San Diego Paella

This basic one-pan' paella' will lend itself to countless variations, as long as you stick to the basic ratios of rice and liquid. Do use converted rice for this - it's virtually foolproof. The pan is important: it must be ovenproof, 13 or 14 inches wide and no more than 3 inches deep. Serves 6.

2 ½ cups low-sodium chicken broth or homemade chicken stock
1/2 cup white wine or medium sherry
Pinch saffron, toasted, pounded and soaked in 2 TB water (optional)
3 very ripe tomatoes, diced small, or a 14- ounce can small diced tomatoes in juice
3 tablespoons good olive oil
1 red pepper, diced
2 jalapenos, diced (optional)
½ cup onion, diced
4 cloves garlic, thinly sliced
2 cups uncooked converted rice
1 tsp. salt
8 ounces linguica sausage, crumbled or sliced
8 ounces boneless chicken meat, cut into one-inch squares
½ pound thawed shrimp, preferably in the shell
½ pound fresh black mussels, or mussels and clams mixed
½ bunch cilantro, picked, chopped
1/3 cup pitted Kalamata olives
Lemon wedges

Preheat oven to 375 degrees. Combine the chicken stock, salt, wine and saffron with soaking liquid (if you are using canned tomatoes add them here.) In a large (12 to 14 inch) shallow-sided paella pan or frying pan with heat) resistant handle, sauté the vegetables in the olive oil until just softened. Add the linguica, and then the chicken. Season with salt. Cook for one minute. If you are using fresh tomatoes, add now and cook another minute until softened.

Pour in the rice and toss to coat evenly with oil. Pour the chicken-saffron mixture over the rice. Stir well and bring to a simmer, then place into the oven uncovered, and bake 20 minutes.

After 20 minutes, remove from the oven, arrange the seafood on the paella, return to the oven uncovered and bake a further 10-15 minutes or until paella is dry (poke around with a fork to see if there is any liquid in the bottom of the pan). Remove from oven, cover loosely with a clean napkin or foil wrap and let stand, off the heat, for 15 to 30 minutes before serving. Sprinkle the cilantro and optional olives over the paella just before serving. Pass the lemon wedges at the table.

Lemon-Coconut Rice Pudding

This is my absolute favorite rice pudding, both simple and rich, the perfect finale for a light meal. Cook it on the back burner as you make the rest of dinner. Long stirring develops the natural creaminess of the rice, but you can also cook it in a double boiler. Can be eaten warm or cold. Serves 6 .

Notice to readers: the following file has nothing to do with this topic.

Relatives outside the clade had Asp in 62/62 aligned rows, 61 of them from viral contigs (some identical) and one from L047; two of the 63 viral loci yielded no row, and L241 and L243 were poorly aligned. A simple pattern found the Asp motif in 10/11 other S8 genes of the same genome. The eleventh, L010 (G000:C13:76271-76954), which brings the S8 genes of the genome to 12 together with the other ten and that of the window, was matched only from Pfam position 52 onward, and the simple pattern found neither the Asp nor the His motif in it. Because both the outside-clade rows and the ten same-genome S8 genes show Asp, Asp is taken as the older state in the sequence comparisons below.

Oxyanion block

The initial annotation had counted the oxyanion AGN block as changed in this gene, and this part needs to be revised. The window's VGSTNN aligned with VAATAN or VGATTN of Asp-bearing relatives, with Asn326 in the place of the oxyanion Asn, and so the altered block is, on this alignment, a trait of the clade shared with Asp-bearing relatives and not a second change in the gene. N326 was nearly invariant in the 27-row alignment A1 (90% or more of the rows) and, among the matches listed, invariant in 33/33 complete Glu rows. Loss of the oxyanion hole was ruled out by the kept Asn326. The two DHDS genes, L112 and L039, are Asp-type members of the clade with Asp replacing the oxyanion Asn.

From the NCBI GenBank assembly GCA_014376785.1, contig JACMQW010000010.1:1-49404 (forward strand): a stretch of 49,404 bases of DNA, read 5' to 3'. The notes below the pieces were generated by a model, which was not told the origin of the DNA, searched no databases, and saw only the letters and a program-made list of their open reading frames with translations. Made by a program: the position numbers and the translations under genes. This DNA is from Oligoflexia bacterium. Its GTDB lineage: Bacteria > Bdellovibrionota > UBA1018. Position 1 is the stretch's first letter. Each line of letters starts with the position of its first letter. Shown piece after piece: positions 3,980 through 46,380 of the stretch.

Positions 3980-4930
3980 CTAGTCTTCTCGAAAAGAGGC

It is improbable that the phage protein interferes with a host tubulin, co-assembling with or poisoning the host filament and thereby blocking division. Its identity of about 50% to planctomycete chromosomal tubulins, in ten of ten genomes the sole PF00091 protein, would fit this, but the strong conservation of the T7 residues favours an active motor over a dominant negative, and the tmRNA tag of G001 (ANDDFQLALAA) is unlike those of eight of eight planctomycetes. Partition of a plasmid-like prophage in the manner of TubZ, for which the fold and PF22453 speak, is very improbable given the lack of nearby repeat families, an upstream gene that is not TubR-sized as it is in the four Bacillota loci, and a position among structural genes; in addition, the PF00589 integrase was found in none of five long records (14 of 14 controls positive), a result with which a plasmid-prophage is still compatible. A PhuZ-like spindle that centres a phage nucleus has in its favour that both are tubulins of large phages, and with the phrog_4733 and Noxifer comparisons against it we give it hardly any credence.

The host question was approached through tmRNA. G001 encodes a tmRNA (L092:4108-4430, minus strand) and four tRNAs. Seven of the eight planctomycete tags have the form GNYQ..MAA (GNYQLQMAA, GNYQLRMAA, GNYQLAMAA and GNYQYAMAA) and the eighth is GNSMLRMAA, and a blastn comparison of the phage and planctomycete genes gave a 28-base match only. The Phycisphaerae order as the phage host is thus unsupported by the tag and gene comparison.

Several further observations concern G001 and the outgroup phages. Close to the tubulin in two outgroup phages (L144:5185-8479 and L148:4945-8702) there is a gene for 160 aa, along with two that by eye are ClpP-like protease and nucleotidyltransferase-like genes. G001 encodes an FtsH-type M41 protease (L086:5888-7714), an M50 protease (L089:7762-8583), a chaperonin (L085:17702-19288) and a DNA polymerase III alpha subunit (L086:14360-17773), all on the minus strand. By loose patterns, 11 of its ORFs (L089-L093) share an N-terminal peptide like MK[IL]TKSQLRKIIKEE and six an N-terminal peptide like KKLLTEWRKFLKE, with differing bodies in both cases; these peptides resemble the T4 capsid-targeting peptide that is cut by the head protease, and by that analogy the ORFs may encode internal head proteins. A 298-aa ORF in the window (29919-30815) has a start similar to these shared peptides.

1 cup medium grain white rice (not converted)
2 cups filtered water
1 cup heavy cream
2 1/4 cups milk
½ vanilla bean or 1 teaspoon vanilla extract
Zest and juice of one lemon (reserve juice)
1/2 cup plus 2 tablespoons white sugar (or to taste)
¾ cup shredded sweetened coconut
½ cup whipping cream
2 tablespoons powdered sugar
Fresh raspberries, blueberries or other seasonal fruit (optional)

Place the rice and water into a two-quart saucepan, bring to a boil and simmer for five minutes.

Add the cream, milk, vanilla bean or extract, lemon zest and sugar. Bring to the simmer and cook over medium heat, stirring gently and continuously (a double boiler can be used for this step) until the rice is thoroughly cooked and very soft- about 20 minutes The rice should be loose and very 'saucy.' It will thicken as it cools. Adjust to taste with more drops of lemon juice, if desired. Set aside.

Preheat broiler and spread the coconut in a shallow pan. Keep a close eye on the coconut as it toasts, stirring frequently. Cool.

Whip the remaining ½ cup of heavy cream with two tablespoons of powdered sugar, until it is thickened, but still runny. Chill.

To serve, spoon the pudding into oriental-style bowls, champagne tulip glasses or martini glasses. Dollop a spoonful of whipped cream on top. Garnish with the toasted coconut and berries.


  • For vegans, this dessert can be made with vanilla-flavored soy milk or coconut milk instead of heavy cream.
  • Omit lemon and coconut. Soak golden raisins with hot water and a little rum. Drain and stir into the pudding. Sprinkle top with a little cinnamon or freshly grated nutmeg.